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Medical Ethics Community
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Avatar universal

Culturally biased articles and advice

I was just reading about some dietary issues, such as which foods help you loose weight and which foods can cause high blood pressure/heart disease etc, and I have a problem with the fact that much of the advice seems to be overly culturally biased, which I think poses an ethical issue.
For example, claiming that "pizza" (without specifying which sort)  is a serious danger to your health may be true of American pizza, with all it's processed cheeses, processed meats, utra high fat and salt content, but REAL Italian pizza will never do anyone any harm: it is made with unprocessed, relatively low fat content cheese (fresh mozzarella has a high water content and hence low fat), lots of fresh veggies, and very little crust (ie, not even high carb), and rarely any meat at all, much less industrially processed meat! It has been eaten for millenia with little ill effects on the Mediterranean population, and on my last trip to Italy I ate pizza every day and lost weight in less than 2 weeks! Pizza, when made properly, is a very healthy wholesome meal.

Another example of culturally biased advice, is recommending salmon "twice a week" as a healthy food that can help you loose weight. Truth be told, this is only advised from the American perspective because Americans rarely eat fish at all (when in other cultures it is eaten every day) , rather than meat, and when they do it is most often salmon. Salmon is most often cultivated and filled with hormones and antibiotics, which would not be my first health choice (although I love it). The "twice a week" part about eating fish really gets on my nerves, as it implies in this context that the rest of the time one would be eating meat. As if there were no other fish choices other than salmon, as if it were not possible to eat fish, or vegetarian "alternatives" most of the time!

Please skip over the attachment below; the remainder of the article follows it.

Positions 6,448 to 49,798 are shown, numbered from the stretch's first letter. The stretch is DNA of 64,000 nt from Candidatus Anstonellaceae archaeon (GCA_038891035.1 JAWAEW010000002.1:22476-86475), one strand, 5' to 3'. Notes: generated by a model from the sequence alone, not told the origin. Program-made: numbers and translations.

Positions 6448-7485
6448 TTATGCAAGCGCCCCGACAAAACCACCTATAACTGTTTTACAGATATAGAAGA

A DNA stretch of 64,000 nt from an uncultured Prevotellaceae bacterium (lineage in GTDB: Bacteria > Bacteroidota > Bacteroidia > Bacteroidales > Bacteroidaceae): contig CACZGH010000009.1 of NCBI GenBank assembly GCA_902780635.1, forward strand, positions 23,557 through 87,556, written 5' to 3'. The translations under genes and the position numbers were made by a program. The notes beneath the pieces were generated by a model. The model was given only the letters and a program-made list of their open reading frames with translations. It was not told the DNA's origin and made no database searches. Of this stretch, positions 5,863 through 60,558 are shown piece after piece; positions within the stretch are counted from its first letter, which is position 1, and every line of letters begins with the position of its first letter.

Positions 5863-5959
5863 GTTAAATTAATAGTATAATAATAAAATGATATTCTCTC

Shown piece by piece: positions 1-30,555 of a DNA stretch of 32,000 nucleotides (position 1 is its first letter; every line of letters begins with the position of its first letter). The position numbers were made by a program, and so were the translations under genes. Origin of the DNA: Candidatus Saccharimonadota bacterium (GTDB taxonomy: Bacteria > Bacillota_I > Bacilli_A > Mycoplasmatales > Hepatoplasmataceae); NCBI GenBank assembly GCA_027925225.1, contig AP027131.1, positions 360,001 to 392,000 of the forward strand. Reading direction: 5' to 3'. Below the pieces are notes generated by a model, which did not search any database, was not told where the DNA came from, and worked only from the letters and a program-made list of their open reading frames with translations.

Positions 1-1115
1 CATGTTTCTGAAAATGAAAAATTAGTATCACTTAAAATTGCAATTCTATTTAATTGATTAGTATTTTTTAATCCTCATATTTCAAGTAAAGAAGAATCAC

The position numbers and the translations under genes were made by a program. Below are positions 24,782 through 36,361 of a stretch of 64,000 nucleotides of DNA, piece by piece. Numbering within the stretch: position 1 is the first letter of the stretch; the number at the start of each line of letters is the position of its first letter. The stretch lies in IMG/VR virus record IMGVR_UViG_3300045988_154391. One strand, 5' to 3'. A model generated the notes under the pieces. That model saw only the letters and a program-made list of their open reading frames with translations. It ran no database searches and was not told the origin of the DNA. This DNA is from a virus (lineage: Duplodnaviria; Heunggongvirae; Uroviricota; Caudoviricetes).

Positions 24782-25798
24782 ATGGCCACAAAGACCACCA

I have read many other advice articles on this site that have similar cultural biases, and for anything on the web, which by definition is viewed worldwide, I consider it unethical to be giving such biased advice to people seeking answers to medical problems.
1 Responses
Avatar universal
Most info on the net comes with a disclaimer.  People should always discuss their medical issues with their own doctor, who should be culturally sensitive.  If not, there are complaints processes that people can use.

I think that sometimes we can project our own prejudices.  Perhaps you could ask yourself why these particular issues bother you so much.
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